On 6 June, 2016, Two professors from the University of Texas, Austin and a Distinguished Teaching Associate Professor filled a lawsuit against the state Attorney General, the President of the University of Texas at Austin, and the members of the Board of Regents of the University of Texas at Austin. The lawsuit makes a number of frivilous claims, including that the law is vague, the law violates the plaintiffs' First Amendment, Second Amendment, and Fourteenth Amendment rights. The arguments were childish, irrational, emotional rants. Here is an example:
48. The Texas statutes and university policies that prohibit Plaintiffs from exercising their individual option to forbid handguns in their classrooms violate the Second Amendment to the United States Constitution, as applied in Texas through the Due Process Clause of the Fourteenth Amendment. These policies and procedures deprive Plaintiffs of their Second Amendment right to defend themselves and others in their classrooms from handgun violence by compelling them as public employees to passively acquiesce in the presence of loaded weaponry in their place of public employment without the individual possession and use of such weaponry in public being well-regulated. This infringement lacks any important justification and is imposed without any substantial link between the objectives of the policies and the means chosen to achieve them.A right to violate others Second Amendment rights in public places. That is a novel interpretation of the Second Amendment. Positively Orwellian.
The lawsuit was first heard on 4 August, 2016. The Plaintiffs asked for a preliminary injunction to suspend the implementation of the law while the lawsuit proceeded. Preliminary injunctions are seldom granted. The requirements are fairly rigorous. From the case documents:
(1) a substantial likelihood of success on the merits,Judge Lee Yeakel of the US District Court writes a well thought out and easily understandable response to the request for a preliminary injunction. He finds that the case does not meet the requirements for one. He examines several claims to reach his decision. First the claim of vagueness. From the decision:
(2) a substantial threat of irreparable injury if the injunction is not issued,
(3) that the threatened injury that would result if the injunction is denied outweighs any harm that will result if the injunction is granted,and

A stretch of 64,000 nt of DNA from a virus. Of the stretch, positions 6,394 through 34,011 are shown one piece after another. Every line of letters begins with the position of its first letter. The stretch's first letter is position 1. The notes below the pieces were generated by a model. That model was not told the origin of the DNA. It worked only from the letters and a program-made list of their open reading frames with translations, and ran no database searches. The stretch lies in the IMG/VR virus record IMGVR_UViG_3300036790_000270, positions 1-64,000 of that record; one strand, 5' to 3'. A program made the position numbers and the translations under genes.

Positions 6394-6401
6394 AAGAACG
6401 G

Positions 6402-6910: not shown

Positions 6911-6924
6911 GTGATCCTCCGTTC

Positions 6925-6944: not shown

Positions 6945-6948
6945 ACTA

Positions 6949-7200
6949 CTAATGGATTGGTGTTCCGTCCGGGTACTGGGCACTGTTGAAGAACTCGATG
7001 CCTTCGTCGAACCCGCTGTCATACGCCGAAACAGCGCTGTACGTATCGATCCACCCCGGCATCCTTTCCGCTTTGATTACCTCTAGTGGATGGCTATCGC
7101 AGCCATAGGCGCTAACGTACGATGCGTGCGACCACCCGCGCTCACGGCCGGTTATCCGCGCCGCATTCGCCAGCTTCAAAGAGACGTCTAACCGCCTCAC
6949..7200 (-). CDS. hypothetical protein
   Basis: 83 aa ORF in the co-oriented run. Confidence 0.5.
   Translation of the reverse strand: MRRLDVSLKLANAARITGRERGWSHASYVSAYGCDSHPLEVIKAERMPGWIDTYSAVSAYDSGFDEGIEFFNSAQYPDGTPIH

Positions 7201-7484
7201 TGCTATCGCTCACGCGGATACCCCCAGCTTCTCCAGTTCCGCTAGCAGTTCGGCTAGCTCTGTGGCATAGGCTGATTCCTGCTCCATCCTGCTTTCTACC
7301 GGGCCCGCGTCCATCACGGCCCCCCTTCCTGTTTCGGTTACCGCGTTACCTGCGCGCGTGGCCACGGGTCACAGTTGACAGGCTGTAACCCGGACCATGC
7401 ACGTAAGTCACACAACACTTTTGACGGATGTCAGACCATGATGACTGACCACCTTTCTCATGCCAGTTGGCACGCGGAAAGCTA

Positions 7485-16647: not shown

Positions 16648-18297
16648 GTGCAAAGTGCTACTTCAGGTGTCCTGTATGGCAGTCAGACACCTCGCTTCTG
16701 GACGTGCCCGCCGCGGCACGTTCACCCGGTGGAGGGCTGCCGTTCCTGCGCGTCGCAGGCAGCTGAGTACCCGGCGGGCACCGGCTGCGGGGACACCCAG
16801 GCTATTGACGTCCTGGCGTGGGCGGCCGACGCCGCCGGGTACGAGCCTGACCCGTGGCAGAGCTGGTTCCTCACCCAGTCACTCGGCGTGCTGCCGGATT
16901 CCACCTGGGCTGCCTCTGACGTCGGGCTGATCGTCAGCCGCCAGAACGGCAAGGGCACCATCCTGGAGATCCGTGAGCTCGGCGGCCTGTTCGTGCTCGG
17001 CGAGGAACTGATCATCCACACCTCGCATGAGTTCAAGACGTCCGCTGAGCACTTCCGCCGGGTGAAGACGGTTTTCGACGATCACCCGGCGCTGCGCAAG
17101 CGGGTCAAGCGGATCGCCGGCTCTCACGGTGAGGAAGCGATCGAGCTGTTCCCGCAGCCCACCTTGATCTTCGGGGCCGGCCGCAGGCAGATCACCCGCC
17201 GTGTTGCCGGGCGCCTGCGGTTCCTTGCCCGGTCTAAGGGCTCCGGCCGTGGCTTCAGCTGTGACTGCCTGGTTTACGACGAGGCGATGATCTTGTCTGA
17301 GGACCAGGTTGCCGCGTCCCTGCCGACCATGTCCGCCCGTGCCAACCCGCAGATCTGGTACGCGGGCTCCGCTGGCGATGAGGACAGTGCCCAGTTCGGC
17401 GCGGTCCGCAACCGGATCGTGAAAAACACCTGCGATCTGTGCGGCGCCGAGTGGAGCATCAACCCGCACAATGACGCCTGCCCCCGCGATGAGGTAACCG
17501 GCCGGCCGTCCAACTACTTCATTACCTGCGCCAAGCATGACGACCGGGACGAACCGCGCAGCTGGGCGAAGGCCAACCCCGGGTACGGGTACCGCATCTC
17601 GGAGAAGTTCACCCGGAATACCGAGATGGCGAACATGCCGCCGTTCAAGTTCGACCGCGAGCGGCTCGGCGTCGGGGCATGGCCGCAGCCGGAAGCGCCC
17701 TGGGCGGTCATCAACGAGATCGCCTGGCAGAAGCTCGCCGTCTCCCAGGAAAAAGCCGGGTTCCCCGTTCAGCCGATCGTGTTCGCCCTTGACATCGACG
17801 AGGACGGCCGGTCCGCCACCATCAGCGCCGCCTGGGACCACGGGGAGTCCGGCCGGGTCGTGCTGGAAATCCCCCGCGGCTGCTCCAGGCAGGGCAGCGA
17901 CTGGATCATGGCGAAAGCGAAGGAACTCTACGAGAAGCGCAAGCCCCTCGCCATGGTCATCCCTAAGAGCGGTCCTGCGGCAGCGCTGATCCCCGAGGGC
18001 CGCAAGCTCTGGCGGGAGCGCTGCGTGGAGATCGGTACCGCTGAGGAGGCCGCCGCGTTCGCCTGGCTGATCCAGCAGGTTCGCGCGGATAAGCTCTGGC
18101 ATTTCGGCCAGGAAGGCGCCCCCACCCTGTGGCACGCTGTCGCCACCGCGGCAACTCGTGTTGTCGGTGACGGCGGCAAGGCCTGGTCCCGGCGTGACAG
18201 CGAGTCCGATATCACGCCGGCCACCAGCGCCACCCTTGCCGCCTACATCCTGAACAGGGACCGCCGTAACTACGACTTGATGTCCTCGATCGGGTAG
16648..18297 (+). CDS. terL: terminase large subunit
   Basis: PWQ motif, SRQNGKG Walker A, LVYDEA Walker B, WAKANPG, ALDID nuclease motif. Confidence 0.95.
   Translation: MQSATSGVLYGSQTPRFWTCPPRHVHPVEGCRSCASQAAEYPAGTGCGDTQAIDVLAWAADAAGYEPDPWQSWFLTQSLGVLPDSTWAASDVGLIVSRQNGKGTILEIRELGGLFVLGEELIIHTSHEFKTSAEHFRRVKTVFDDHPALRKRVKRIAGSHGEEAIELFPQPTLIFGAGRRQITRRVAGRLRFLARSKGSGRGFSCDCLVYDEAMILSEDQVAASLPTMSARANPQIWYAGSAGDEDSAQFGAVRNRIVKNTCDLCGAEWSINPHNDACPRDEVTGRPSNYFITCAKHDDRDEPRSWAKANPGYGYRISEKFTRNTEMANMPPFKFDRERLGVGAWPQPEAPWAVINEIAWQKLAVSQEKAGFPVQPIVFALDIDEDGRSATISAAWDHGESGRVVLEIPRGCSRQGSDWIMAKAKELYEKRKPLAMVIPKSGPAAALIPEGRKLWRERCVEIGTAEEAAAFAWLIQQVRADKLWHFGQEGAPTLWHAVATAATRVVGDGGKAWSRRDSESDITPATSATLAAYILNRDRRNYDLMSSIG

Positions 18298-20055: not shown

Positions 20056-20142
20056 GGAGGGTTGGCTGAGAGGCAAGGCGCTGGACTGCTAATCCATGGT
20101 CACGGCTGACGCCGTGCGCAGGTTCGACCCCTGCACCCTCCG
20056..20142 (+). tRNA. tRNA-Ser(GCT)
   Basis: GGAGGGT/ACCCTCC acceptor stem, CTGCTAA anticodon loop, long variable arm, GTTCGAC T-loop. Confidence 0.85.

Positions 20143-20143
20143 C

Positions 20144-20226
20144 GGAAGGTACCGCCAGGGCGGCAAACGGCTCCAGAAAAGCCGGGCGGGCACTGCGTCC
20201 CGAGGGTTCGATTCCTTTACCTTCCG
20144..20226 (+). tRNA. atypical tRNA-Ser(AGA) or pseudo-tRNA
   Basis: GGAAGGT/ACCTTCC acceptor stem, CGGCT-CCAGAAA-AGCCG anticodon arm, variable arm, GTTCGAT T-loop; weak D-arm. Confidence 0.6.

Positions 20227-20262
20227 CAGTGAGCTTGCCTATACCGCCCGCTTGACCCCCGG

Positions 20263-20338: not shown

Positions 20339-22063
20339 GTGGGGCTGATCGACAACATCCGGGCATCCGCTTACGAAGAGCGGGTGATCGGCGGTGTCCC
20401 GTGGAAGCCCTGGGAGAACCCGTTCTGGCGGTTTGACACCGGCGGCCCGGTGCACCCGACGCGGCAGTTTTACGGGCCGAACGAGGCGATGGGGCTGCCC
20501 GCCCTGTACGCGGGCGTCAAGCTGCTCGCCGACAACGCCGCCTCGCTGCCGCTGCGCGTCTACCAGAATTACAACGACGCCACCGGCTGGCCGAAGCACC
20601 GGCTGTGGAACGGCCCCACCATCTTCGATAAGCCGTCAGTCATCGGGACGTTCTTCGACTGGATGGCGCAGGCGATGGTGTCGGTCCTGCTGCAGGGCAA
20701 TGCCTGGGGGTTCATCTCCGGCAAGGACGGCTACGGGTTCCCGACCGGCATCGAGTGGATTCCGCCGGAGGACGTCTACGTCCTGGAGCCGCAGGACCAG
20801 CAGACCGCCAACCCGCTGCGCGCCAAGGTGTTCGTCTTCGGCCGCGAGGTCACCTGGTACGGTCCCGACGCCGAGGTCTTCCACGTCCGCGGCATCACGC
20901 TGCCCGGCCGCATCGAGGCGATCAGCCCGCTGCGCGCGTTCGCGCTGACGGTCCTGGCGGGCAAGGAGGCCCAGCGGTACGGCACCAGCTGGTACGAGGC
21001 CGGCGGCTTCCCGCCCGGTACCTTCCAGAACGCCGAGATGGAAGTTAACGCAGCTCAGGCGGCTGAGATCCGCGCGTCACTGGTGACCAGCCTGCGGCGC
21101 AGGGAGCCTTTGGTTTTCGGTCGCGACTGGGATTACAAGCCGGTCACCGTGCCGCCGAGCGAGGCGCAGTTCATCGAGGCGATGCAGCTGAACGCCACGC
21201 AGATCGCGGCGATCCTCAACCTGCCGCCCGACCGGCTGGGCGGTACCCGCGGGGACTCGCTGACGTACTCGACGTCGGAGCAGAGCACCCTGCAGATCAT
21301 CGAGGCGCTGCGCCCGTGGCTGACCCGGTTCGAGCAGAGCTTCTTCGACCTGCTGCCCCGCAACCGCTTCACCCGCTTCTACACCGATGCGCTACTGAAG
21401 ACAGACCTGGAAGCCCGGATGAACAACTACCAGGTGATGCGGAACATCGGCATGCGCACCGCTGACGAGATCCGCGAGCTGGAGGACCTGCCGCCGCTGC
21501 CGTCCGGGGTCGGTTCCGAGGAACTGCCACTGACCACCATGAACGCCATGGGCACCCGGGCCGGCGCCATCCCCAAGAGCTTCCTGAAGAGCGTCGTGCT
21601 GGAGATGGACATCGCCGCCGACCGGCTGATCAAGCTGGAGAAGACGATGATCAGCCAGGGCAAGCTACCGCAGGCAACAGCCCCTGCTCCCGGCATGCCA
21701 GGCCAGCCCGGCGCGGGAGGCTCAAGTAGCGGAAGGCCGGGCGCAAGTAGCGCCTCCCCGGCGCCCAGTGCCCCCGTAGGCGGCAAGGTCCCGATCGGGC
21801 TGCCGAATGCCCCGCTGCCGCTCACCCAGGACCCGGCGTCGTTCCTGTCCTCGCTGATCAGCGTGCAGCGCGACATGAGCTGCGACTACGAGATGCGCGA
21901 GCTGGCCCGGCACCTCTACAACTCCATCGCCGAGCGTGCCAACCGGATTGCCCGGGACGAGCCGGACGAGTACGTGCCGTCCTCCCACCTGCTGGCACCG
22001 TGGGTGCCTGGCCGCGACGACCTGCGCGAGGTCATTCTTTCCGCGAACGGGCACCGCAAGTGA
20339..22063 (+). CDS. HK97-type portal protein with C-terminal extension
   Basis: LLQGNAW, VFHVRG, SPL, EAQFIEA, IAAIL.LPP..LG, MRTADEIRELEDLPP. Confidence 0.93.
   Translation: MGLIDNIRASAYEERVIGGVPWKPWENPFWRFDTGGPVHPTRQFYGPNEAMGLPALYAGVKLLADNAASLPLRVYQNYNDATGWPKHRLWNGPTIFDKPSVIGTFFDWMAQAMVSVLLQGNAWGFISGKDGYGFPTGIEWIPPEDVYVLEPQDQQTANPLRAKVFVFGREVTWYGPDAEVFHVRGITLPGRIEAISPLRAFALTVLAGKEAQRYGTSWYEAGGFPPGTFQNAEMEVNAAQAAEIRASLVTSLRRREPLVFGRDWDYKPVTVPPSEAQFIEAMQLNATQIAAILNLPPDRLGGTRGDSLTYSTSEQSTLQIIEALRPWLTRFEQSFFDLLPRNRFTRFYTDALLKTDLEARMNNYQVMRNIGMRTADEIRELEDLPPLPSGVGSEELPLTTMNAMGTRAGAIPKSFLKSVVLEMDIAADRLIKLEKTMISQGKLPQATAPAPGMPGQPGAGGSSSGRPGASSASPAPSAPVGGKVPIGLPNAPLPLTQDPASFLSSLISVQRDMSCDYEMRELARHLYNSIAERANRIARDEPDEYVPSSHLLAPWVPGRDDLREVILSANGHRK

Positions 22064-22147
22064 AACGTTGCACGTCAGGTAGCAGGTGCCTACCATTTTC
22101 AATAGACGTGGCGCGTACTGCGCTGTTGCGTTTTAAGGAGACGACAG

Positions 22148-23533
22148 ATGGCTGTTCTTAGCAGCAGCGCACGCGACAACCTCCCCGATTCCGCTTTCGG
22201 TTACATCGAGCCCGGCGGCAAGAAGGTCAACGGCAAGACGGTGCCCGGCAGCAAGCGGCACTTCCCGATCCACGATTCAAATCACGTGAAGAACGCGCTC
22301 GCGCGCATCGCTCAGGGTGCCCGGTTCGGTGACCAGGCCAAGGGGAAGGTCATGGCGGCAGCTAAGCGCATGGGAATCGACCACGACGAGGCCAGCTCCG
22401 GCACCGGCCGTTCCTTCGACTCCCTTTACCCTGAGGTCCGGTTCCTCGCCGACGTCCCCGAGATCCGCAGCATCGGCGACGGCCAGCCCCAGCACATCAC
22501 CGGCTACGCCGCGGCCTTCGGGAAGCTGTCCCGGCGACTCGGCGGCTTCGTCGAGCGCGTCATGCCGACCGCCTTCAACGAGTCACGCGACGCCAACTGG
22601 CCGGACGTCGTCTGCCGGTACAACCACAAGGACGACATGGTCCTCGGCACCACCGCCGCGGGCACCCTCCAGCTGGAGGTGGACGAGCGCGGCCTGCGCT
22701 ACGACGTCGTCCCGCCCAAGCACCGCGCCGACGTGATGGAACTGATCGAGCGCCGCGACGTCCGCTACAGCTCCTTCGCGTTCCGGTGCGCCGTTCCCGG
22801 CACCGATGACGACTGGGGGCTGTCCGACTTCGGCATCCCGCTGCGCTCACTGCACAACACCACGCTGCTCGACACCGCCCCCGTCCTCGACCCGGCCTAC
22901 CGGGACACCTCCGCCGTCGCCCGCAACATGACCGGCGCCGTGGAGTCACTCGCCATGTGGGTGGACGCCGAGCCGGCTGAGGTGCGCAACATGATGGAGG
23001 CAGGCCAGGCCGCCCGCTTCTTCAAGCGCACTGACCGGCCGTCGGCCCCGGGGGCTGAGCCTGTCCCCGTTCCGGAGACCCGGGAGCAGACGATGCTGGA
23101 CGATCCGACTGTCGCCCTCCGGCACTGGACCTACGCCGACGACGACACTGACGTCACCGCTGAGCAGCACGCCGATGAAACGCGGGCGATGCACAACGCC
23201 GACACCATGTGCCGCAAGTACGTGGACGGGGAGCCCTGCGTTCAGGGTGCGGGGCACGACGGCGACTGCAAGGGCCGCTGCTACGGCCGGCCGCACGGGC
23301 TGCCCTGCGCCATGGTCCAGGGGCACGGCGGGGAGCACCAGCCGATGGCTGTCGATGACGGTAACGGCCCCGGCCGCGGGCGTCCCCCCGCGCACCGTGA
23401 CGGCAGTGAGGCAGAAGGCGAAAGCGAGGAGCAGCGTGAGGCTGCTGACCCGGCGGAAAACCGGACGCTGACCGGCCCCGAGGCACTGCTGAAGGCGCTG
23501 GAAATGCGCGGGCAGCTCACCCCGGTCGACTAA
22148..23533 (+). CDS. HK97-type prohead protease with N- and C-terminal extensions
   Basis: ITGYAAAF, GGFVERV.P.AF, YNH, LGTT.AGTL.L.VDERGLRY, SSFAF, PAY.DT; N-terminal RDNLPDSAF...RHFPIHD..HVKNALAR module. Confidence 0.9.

(4) that the grant of an injunction will not disserve the public interest.
The court concludes that the Campus Carry Policy does not fail for unconstitutional vagueness.Then the claim that the law violates First Amendment rights:
But the Campus Carry Law and Policy do not direct Plaintiffs either toward or away from any particular subject or point of view. See Univ. of Pa., 493 U.S. at 198. The provisions do not prohibit, require, or even mention any form of speech by professors of the University. The burden of which Plaintiffs complain therefore does not fit within any recognized right of academic freedom. See id. at 199.Judge Yeakel expands on the First Amendment claim:
Their First Amendment claim is and must be bottomed on their right to speak and teach freely. Neither the Campus Carry Law nor the Campus Carry Policy forbids them from doing so. This is fatal to their attempt at this stage in the proceedings to establish a substantial likelihood that their case will succeed on the merits.He shows that the Fourteenth Amendment claim of lack of equal protection fails at this stage, at least:
The court concludes at this stage in the proceedings that requiring public universities to allow licensed individuals to carry concealed handguns is a basis for the Campus Carry Law that bears a debatably rational relationship to the conceivable legitimate governmental end of enabling individuals to defend themselves. See Reid, 979 F.2d at 1087. Further, the court concludes that allowing private universities to prohibit concealed carry by licensed individuals bears a rational relationship to the legitimate governmental interest of respecting the private-property rights of private universities.Here is more on the 14th Amendment claims, and a bit on the Second Amendment:
It appears to the court that neither the Texas Legislature nor the Board of Regents has overstepped its legitimate power to determine where a licensed individual may carry a concealed handgun in an academic setting. The court concludes that Plaintiffs have failed to establish a substantial likelihood of success on their equal-protection claim under the Fourteenth Amendment.The conclusion sums up the failure to provide convincing arguments for a preliminary injunction:
Because Plaintiffs at this time have failed to establish a substantial likelihood of ultimate success on the merits of their asserted claims, their request for immediate relief must fail. The court therefore need not and does not reach the remaining requirements for granting a preliminary injunction. Bluefleld, 577 F.3d at 253 ("[A] preliminary injunction is an extraordinary remedy which should not be granted unless the party seeking it has 'clearly carried the burden of persuasion' on all four requirements.").
Accordingly, IT IS ORDERED that Plaintiffs' Application for Preliminary Injunction (Clerk's Doc. No. 20) is DENIED.
It is the decision that was expected. Anyone with money can file a lawsuit. Some are designed to get headlines.
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